Wednesday, October 6, 2010

Is Print Dead? or Just Dying? Part I.

As our society moves further and further into the digital age, will it mean the end of the printed word? Future antiquarians sorting the effects of the 20th and 21st centuries, trying to determine how the printed word of ink and paper came to be largely replaced by pixilated letters  on glowing screens, might stumble with interest upon an article by Vannevar Bush in the  July 1945 edition of The Atlantic Monthly magazine. the article titled “As we may think, “ spoke of the increasing difficulty for anyone who attempted to fain information in a way  Bush insisted that humans needed a new way to thread through the abundance of information available a method that would not use a paper and ink.
He proposed a machine called a’ memex,’ which could create links of associations that the used could follow as his or her interests see fit. “Wholly new forms of encyclopedias will appear; ready made with a mesh of associative trails running through them ..,”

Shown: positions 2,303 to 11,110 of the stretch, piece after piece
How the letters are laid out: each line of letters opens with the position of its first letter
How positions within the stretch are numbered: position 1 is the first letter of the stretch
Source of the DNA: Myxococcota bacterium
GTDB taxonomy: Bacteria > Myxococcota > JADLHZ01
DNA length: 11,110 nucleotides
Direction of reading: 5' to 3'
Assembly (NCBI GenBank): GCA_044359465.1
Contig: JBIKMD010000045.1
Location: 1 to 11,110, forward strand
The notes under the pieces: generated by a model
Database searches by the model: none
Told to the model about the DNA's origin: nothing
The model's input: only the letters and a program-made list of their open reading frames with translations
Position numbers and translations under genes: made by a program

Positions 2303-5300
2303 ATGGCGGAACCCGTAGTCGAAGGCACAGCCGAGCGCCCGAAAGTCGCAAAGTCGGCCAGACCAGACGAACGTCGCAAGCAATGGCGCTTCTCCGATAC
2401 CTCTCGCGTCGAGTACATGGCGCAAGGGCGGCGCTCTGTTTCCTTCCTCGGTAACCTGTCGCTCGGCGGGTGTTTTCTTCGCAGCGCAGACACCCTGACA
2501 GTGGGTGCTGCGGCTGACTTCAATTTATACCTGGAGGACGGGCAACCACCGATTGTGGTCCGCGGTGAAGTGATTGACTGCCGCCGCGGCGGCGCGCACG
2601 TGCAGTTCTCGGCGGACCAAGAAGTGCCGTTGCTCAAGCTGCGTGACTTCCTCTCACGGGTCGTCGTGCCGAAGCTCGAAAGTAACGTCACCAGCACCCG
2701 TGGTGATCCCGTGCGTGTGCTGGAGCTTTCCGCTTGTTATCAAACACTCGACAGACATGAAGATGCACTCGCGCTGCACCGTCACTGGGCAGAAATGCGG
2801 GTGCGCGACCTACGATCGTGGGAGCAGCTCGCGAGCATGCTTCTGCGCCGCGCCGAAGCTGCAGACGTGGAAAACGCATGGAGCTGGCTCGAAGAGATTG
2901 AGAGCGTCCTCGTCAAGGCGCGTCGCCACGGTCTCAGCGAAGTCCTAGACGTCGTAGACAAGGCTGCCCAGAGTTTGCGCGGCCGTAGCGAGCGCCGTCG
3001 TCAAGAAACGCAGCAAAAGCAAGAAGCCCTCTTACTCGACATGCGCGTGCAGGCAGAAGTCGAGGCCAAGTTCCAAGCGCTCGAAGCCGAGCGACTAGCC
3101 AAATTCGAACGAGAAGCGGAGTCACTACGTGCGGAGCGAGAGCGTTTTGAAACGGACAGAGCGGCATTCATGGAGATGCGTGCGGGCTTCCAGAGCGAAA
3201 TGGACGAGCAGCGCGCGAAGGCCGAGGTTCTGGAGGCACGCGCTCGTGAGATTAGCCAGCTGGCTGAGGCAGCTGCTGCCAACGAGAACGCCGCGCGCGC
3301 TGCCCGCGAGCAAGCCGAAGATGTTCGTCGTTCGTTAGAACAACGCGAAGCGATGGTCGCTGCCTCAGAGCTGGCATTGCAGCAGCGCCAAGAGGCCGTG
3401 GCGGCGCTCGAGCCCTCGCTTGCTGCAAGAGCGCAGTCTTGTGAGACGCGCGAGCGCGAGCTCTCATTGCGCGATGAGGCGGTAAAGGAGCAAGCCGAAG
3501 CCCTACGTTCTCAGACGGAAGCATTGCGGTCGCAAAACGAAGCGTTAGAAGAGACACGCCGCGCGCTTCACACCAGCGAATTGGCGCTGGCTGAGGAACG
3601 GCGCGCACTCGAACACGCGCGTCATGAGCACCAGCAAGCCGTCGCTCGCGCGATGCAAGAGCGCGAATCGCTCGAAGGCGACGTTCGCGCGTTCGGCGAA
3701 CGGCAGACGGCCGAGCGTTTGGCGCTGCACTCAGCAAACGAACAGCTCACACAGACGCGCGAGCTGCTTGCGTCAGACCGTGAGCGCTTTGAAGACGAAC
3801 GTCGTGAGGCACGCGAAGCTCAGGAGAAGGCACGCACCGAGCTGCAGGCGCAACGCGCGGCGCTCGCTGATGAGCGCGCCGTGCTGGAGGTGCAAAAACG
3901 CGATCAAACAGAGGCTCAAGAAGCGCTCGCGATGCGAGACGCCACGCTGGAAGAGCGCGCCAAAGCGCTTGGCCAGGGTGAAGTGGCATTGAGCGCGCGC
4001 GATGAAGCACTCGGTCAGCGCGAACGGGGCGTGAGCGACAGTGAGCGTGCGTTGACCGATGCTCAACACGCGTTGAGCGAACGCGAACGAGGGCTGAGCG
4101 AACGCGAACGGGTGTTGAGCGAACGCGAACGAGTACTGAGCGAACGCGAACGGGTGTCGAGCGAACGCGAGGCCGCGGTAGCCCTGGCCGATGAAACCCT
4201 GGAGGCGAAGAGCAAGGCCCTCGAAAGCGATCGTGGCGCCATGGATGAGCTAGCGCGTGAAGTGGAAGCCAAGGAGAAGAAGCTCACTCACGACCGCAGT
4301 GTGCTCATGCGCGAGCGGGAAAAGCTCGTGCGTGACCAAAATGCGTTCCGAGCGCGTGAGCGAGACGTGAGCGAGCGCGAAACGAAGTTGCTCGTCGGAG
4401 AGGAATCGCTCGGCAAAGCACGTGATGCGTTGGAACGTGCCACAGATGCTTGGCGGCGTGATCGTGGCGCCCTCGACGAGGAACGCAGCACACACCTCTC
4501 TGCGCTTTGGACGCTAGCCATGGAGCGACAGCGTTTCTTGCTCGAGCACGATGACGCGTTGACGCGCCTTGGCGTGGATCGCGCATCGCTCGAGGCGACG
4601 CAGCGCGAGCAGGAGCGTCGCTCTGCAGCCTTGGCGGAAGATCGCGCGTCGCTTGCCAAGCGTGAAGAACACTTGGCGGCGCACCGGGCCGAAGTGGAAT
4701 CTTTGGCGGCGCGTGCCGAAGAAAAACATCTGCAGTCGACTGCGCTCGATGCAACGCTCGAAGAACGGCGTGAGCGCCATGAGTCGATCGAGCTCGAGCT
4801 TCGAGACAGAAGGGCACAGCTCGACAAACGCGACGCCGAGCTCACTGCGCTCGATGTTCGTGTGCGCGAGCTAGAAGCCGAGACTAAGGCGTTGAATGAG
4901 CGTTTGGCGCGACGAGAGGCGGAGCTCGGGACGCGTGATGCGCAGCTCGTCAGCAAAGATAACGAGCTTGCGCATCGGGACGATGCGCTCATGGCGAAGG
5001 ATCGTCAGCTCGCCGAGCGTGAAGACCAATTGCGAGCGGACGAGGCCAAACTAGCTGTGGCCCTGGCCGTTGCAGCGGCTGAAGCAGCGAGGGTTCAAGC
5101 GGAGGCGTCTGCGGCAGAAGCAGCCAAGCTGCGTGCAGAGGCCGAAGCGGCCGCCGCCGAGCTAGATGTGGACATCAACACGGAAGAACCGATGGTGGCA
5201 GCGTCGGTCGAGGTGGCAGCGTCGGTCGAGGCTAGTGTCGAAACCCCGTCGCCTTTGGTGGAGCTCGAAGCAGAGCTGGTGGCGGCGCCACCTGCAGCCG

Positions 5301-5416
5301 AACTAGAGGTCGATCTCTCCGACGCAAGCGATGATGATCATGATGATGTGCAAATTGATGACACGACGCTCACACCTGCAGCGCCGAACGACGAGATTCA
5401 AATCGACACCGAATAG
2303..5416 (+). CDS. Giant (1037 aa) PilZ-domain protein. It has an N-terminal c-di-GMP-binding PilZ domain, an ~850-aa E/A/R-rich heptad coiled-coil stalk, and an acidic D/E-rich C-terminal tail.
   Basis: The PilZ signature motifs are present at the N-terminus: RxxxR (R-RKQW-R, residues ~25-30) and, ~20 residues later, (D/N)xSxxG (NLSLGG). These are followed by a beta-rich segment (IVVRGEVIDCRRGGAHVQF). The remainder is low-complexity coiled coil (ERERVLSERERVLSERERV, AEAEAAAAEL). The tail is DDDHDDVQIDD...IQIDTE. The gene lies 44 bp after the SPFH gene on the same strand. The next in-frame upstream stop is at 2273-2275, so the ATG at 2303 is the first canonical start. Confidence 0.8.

Here, almost 30 years before its launch, lies the idea behind the World Wide Web, which now includes almost 100 million people around the globe in its virtual community. People not only can conduct research online but send mail to each other, chat with instant messaging services, and create web communities that are no longer bound by physical geography.
Will the names of Vannevar and Licklider (“who wrote a 1968 paper  proposing an “ intergalactic computer network”) be as revered in the 24th or 25th century as Johannes Gutenberg- the German inventor who opened the way for the democratization of knowledge with the 1436 creation of the moveable type printing press is to us today?  Will computer networks, with their speed and their vast resources of information and video, make pen and ink, books and paper obsolete?

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